Wisconsin Primary Health Care Association: Support for Dental Therapy

Contact: Lisa Olson
608-277-7477

Madison, WI – The Wisconsin Primary Health Care Association (WPHCA) is pleased to support LRB-1947, which provides for the licensure of dental therapists in Wisconsin as one way of improving access to oral health care in Wisconsin. WPHCA is the member association for Wisconsin’s 17 Community Health Centers which provide oral health, primary care, and behavioral health services to over 300,000 Wisconsinites each year.

“We saw improved access across the bridge in Duluth when we added dental therapists to our practice. For example, our wait times for restorative care went down from 36 weeks on average to 6 weeks,” said Cheryl Larsen, Operations Director at Lake Superior Community Health Center. Lake Superior has sites in both Superior, WI and Duluth, MN where dental therapists have been included in the practice since 2014. “We also complete treatment plans faster, which allows us to see new patients, when dental therapists are involved.”

Dr. Tina Sopiwnik, DMD, noted, “Wisconsin is near last in terms of oral health access for kids. As we have seen from our neighbors in Minnesota, dental therapy is one proven way we can help take care of more families.” Dr. Sopiwnik is a dentist at NorthLakes Community Clinic and the Steering Committee Chair for the Wisconsin Oral Health Coalition, a group focused on improving the oral health and access to care across Wisconsin. NorthLakes Community Clinic saw over 8,000 dental patients in the last reporting year.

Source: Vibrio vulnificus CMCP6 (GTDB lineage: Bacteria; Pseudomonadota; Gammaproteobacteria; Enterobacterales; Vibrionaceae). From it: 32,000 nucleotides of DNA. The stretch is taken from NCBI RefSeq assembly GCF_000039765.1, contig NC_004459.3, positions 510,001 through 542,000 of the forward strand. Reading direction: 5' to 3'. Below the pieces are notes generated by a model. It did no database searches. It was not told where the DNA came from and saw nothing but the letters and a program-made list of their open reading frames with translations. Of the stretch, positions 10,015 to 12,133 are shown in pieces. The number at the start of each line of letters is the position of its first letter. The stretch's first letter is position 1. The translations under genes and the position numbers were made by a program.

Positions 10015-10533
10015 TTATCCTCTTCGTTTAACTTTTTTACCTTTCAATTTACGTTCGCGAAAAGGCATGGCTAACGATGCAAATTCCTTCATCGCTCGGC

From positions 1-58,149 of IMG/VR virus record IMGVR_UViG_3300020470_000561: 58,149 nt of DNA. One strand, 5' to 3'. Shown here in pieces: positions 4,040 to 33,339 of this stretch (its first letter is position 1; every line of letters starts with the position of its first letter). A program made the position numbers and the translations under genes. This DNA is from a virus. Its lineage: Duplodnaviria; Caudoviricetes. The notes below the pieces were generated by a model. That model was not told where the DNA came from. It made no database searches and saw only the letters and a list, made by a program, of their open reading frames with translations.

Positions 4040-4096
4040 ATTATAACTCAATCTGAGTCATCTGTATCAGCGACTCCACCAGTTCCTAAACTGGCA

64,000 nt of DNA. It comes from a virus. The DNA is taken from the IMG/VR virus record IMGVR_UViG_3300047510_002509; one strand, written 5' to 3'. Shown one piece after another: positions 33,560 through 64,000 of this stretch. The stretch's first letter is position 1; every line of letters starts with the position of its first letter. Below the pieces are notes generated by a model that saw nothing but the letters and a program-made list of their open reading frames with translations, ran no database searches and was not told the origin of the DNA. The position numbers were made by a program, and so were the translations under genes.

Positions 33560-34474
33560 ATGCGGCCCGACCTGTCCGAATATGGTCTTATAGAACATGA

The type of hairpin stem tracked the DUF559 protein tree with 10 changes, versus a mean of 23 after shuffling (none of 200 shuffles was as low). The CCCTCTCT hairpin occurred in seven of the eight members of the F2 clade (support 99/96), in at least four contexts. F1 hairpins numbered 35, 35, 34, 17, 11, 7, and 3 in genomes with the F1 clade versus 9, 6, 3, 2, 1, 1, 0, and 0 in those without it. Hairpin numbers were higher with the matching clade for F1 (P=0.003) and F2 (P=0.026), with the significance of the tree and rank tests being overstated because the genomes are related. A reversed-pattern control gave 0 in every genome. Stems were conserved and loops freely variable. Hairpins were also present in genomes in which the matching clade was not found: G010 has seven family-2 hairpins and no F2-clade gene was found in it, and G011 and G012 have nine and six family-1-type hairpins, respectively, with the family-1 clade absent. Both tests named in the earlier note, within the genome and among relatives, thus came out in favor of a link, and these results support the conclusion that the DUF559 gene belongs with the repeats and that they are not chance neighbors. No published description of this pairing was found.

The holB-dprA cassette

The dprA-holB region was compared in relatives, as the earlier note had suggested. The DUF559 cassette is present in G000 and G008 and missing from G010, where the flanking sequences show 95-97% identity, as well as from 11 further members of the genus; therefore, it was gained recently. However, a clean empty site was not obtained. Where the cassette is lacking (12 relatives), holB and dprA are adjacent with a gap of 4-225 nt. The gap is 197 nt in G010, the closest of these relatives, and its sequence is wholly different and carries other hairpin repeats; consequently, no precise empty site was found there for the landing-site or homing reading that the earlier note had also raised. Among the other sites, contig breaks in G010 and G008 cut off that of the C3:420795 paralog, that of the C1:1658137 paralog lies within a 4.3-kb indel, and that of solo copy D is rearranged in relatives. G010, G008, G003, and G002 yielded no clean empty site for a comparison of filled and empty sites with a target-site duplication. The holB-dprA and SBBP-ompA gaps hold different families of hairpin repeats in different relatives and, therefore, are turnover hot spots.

“Access to oral health care has always been a top priority for Community Health Centers,” said Stephanie Harrison, CEO of WPHCA. “We believe trained, licensed dental therapists will be a valuable addition to Health Centers to help increase access, particularly in low-income communities. Including them as part of the overall dental team will allow Health Centers to provide additional cost-effective and routine restorative care & shorten wait time for patients in need of those services, all while freeing up time for dentists to support patients with more complex needs. We are grateful for Representative Felzkowski & Senator Craig’s leadership on this issue.”

Community Health Centers continue to be committed to increasing access to oral health care in Wisconsin. Health Centers serve over 300,000 and provide oral health care to over 161,000 patients. Health Centers have tripled their dental capacity in the past ten years. Approximately 60% of patients served by Community Health Centers are Medicaid enrollees. Learn more about how Community Health Centers are breaking down barriers to oral health care in Wisconsin.

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